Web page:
Assault & Battery

September 28, 2016 News

We all knew, right? 30 years.

Me, you, and (of course) them...

So what better a way to honor Cliff than to go back to the front and play an old school club/small theater like New York City’s Webster Hall in front of a fan club audience (with some old friends too) and deliver an old school basher, a thrasher, a teeth gnasher, and a huge fat aural baseball bat reminder of what Metallica does. Not that the show date was planned as such, no no, but the serendipity of its timing could not have been better.

What, you wonder, was this exclusive (apparently very exclusive if some of the ticket scalp tweets I saw were accurate) gig really like? Was it really worth it? Was it really all that?

Yeah. Yeah it was. You see, the whole night was like a ginormous, positive time-warp, as if the entire jam-packed, heaving throng of sweaty Webster Hall-ites all stepped into a giant Tardis and found themselves thrust back a couple of decades to a time when people lost their collective shit and bands played loud. This was another loud one, another ear-wax blender, yet the definition in this relentless assault was excellent, Big Mick wrangling the 1,500 capacity room’s corners with ease.

But the story here is of sweat and speed harmonizing to help augment the feeling that we were in our 20s again. If Saturday’s Global Citizen Festival set had been a somewhat controlled, professional, and perhaps even restrained exercise, this was unbridled, full-scale Metalligression, the venue and its hungry inhabitants having as much to do with it as you might expect.

The band blasted through the set at a ferocious pace, the riffs hanging in the pocket yet delivered with some extra pep and juice. Smaller venues become electricity conductors, and there’s no doubt that’s exactly what happened tonight, the exchange between fans and band unimpeded by a vast space. Was it Fillmore-esque? I’d say this was a touch more "aggro," a bit more East Coast-fueled "fuck you," the intent of the night laid down by the pacey opening trio of “Breadfan”(which has been played live 307 times but not too fucking many of those as a set opener in the last 15-20 to my recollection), “Holier Than Thou,” and “Battery”…how great to hear “Holier…” tucked neatly in between those ragers!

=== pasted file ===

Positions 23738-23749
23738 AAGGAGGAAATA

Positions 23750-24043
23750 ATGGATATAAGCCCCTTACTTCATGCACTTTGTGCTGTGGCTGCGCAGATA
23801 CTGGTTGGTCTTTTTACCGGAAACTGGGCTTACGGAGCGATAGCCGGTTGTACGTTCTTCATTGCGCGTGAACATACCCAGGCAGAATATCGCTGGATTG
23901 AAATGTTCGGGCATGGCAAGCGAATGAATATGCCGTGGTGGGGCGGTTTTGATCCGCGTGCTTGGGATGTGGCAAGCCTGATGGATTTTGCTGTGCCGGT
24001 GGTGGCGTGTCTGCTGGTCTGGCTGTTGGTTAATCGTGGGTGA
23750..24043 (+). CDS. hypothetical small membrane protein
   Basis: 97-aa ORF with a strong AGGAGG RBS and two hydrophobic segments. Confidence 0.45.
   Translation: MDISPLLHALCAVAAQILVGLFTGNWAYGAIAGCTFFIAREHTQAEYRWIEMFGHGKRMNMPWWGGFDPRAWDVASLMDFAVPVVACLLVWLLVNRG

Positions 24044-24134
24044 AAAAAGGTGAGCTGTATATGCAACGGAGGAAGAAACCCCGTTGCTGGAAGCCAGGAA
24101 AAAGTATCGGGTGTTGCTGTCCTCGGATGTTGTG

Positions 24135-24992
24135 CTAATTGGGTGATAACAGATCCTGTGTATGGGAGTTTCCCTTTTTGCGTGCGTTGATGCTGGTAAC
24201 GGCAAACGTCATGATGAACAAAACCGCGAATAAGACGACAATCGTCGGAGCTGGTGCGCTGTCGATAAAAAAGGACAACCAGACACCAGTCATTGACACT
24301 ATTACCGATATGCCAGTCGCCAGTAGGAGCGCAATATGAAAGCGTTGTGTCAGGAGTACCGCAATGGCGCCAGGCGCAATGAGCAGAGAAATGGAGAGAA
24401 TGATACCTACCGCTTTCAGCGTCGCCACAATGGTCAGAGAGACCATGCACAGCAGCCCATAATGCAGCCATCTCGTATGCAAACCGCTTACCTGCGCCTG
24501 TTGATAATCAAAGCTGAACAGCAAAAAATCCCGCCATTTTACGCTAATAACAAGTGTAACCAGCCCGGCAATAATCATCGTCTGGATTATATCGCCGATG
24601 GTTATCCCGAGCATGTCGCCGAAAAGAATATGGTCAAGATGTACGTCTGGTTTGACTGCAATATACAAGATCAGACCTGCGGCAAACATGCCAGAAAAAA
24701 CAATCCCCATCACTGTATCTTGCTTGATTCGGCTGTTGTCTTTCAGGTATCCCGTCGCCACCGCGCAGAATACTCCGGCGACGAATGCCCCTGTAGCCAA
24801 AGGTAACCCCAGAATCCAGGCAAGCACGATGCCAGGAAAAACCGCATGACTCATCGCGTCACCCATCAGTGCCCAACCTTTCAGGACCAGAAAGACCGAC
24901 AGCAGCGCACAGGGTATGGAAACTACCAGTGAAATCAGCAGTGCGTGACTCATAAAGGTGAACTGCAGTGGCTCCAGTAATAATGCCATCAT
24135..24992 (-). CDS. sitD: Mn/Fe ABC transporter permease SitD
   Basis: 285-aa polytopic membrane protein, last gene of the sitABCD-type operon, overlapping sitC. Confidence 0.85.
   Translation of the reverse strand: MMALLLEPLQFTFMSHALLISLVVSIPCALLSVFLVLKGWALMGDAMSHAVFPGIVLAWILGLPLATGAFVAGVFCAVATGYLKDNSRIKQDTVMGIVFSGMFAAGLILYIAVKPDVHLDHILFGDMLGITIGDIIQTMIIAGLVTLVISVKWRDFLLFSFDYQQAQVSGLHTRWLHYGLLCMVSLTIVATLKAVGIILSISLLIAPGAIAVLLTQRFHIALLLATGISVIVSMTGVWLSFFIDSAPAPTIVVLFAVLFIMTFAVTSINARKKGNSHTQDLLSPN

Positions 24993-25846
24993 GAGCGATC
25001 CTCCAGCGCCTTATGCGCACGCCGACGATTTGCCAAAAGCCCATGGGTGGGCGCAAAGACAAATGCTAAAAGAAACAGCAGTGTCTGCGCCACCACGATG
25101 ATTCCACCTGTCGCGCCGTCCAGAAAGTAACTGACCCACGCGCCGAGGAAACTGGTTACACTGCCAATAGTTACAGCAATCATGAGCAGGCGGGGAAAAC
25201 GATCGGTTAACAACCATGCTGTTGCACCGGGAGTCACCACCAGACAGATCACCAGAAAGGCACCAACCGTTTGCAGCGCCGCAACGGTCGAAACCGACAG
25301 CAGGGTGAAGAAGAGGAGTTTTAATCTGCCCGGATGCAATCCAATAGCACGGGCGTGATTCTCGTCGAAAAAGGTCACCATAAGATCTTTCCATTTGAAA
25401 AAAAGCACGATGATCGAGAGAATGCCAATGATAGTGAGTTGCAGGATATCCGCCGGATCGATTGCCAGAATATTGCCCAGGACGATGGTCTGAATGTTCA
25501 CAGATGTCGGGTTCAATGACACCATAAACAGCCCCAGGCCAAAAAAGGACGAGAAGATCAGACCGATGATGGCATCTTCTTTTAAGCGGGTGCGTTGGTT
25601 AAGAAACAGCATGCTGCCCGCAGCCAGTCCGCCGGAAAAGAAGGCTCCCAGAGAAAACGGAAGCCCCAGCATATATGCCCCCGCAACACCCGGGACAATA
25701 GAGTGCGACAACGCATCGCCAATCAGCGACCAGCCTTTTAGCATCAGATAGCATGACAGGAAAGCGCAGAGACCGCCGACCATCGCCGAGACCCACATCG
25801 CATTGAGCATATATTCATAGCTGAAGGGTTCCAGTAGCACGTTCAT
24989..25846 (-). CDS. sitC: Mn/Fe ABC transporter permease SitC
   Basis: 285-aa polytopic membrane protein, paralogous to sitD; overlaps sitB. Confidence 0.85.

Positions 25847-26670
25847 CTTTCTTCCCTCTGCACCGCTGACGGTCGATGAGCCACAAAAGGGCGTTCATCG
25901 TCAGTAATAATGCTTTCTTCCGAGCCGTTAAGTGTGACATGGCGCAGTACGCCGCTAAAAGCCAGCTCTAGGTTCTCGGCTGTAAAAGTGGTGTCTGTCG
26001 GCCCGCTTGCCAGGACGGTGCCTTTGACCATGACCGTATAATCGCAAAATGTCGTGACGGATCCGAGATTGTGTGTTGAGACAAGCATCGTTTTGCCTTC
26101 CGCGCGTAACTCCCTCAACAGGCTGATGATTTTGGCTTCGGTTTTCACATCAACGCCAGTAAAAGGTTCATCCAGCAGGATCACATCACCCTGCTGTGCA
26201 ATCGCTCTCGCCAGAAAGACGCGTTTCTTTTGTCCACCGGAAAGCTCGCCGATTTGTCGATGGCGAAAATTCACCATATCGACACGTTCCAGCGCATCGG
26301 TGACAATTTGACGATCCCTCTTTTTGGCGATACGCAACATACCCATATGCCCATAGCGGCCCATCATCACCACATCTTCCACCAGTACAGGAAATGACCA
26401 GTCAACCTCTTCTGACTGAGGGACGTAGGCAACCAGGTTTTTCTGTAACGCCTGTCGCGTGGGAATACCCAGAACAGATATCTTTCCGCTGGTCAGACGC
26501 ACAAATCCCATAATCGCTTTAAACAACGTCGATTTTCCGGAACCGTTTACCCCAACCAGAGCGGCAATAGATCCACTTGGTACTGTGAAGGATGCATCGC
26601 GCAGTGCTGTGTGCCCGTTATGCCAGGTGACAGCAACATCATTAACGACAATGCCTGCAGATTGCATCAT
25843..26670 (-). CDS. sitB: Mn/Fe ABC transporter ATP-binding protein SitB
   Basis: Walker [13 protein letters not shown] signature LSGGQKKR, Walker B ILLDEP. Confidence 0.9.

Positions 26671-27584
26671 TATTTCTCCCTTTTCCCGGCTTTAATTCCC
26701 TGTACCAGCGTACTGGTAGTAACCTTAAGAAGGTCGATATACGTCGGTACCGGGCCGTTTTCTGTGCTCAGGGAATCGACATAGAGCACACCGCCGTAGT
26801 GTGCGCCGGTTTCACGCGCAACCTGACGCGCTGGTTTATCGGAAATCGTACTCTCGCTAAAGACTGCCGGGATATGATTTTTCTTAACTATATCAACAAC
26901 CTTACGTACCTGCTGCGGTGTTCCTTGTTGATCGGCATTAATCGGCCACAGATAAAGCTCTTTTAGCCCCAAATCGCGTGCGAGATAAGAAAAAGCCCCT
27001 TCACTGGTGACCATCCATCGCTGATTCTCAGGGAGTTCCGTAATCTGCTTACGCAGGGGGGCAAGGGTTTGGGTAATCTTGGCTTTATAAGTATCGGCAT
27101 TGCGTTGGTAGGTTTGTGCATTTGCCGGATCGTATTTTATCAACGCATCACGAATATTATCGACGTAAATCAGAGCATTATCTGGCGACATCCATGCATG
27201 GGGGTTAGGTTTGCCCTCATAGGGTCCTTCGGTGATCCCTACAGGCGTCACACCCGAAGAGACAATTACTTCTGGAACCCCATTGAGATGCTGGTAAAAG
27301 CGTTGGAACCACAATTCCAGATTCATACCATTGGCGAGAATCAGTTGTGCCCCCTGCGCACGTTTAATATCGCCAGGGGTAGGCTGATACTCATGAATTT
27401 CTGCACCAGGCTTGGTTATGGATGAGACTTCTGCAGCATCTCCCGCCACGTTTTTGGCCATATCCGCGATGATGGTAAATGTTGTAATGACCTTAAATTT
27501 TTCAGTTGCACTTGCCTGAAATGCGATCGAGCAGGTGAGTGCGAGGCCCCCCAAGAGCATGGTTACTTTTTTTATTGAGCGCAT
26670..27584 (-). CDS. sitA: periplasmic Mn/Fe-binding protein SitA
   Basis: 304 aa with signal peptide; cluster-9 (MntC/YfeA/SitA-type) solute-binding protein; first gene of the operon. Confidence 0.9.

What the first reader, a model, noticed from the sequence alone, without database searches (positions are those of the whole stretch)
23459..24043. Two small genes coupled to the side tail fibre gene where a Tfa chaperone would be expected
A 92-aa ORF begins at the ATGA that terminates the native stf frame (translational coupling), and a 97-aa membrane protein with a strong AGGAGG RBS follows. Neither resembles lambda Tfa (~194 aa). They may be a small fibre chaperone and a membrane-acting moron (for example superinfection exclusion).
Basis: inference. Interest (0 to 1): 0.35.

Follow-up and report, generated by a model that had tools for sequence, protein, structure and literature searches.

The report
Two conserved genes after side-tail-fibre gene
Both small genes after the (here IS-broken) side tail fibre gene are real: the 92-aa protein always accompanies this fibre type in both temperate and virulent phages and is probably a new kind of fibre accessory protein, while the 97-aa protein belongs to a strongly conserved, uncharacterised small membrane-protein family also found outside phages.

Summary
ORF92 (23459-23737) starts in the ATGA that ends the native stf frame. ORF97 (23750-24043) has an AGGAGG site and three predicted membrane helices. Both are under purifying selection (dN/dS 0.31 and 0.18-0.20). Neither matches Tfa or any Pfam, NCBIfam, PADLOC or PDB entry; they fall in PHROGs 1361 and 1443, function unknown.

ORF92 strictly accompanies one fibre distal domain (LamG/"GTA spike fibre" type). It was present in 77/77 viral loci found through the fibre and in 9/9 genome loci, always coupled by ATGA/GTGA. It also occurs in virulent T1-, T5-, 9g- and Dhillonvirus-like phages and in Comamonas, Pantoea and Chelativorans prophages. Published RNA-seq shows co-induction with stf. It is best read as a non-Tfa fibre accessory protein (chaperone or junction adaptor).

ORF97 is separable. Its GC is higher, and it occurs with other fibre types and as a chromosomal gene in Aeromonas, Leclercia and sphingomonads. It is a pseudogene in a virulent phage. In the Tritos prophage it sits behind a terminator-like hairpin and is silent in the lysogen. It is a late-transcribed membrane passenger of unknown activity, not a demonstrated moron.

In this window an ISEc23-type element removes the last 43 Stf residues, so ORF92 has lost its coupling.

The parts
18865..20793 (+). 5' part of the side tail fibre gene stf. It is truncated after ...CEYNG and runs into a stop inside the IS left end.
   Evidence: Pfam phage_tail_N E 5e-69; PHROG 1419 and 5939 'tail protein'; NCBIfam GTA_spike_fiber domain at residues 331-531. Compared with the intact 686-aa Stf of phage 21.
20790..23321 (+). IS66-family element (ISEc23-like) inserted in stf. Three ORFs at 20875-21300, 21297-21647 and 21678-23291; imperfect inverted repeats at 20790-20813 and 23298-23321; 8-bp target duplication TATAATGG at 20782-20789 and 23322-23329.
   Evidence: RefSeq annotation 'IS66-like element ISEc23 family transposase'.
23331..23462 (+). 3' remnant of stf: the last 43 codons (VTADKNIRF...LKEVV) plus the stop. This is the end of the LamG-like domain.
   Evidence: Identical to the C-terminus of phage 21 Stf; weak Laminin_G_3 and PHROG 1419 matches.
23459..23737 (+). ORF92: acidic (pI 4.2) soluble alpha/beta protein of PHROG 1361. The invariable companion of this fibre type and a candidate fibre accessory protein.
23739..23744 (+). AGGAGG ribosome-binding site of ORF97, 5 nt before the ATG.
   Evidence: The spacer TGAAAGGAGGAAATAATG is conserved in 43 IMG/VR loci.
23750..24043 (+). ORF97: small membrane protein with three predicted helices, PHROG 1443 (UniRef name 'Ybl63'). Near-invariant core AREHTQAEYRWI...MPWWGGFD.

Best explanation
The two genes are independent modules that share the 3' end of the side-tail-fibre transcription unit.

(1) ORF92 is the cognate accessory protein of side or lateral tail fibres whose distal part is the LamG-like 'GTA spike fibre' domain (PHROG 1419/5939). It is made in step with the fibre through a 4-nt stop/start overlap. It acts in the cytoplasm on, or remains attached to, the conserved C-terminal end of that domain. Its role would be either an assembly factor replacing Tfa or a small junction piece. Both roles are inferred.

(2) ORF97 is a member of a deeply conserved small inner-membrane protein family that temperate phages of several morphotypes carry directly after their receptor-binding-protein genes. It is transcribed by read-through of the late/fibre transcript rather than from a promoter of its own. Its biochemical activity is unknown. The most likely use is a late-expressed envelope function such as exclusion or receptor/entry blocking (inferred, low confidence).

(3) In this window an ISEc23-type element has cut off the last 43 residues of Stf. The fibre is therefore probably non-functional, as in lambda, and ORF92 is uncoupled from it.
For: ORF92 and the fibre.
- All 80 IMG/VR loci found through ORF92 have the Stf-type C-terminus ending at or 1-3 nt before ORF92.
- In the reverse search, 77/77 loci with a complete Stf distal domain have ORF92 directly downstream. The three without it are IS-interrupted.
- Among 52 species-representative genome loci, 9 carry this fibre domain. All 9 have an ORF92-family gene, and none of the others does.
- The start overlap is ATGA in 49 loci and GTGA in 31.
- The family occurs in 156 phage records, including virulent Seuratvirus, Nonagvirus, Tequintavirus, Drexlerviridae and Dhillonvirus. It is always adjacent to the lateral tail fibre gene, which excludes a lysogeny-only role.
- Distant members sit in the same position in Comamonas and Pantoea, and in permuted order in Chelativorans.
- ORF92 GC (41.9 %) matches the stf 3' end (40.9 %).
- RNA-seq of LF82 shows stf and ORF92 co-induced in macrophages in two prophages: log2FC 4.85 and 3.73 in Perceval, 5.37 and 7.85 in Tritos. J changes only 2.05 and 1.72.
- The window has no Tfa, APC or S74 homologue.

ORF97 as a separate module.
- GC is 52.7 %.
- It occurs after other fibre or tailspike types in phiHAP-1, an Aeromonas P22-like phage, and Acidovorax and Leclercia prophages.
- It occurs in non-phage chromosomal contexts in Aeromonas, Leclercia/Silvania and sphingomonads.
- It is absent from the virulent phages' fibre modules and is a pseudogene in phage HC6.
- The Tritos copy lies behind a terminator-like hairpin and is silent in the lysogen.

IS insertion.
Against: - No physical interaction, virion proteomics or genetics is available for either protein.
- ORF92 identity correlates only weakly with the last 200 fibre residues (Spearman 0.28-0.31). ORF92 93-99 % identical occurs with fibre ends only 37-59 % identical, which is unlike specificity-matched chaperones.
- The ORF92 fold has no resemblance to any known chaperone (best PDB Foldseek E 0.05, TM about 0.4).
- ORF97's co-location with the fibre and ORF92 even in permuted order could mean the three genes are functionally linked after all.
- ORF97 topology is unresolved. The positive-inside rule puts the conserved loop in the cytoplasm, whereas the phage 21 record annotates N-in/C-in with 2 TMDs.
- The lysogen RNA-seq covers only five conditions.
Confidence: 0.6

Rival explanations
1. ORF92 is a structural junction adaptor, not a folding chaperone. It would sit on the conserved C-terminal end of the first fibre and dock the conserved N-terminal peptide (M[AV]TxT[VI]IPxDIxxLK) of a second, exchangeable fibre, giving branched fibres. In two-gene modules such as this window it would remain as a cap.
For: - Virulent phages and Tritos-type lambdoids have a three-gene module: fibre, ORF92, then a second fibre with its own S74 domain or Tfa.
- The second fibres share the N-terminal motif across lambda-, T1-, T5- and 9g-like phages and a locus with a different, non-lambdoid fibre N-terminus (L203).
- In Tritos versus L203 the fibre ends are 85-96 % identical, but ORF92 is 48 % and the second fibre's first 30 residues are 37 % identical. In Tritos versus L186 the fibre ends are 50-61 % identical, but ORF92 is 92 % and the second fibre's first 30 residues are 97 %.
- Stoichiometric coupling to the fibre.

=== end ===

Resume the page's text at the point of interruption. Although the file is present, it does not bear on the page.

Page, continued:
“Moth Into Flame” sounded like a firm live favorite and not a debutant, the riffing reminiscent of classic …Black Album-era fused with the snappiest parts of …Justice, the switch-backs so right, and “Orion” was…was…emotional. A word about Rob Trujillo, who majestically did what he has powerfully done for 13 years in Metallica (since 2003). It can’t have been easy tonight, but he didn’t just do Cliff’s legacy proud, he reinforced his own very vital, very fluid stamp on this band’s name and legacy. Tonight, he simply did what he does best and brought it all and then some in spades.

The people I ran into afterwards waxed lyrical about how this was a special show, how it felt so good to see and feel Metallica like that in a small place again, but I’d get used to it, because I believe this band is (deep down) out to prove what they might perceive as "doubters" wrong. That, I must make clear, is my opinion, and perhaps sometimes those doubters have been them! Whatever the reason, there is certainly a sense that they are "on a mission." There is also the blindingly obvious reality that these guys are currently rather enjoying themselves and their music, that they know the Hardwired... songs are quite simply more fun to play than anything they’ve written in some time.

“Master…,” “Bellz…,” “One,” and then a floor quivering “…Sandman” (all with varying degrees of a proper "pit" on the floor) further added to the reality that this Webster Hall set was calibrated for maximum old skool thuggery. Tonight was not an exercise in experimentation or a lavish display of the high-tech production values their stadium shows offer. This was a sweaty reaffirmation of the core founding principles which saw Metallica conquer the metal world, and it was a deafening, resounding success.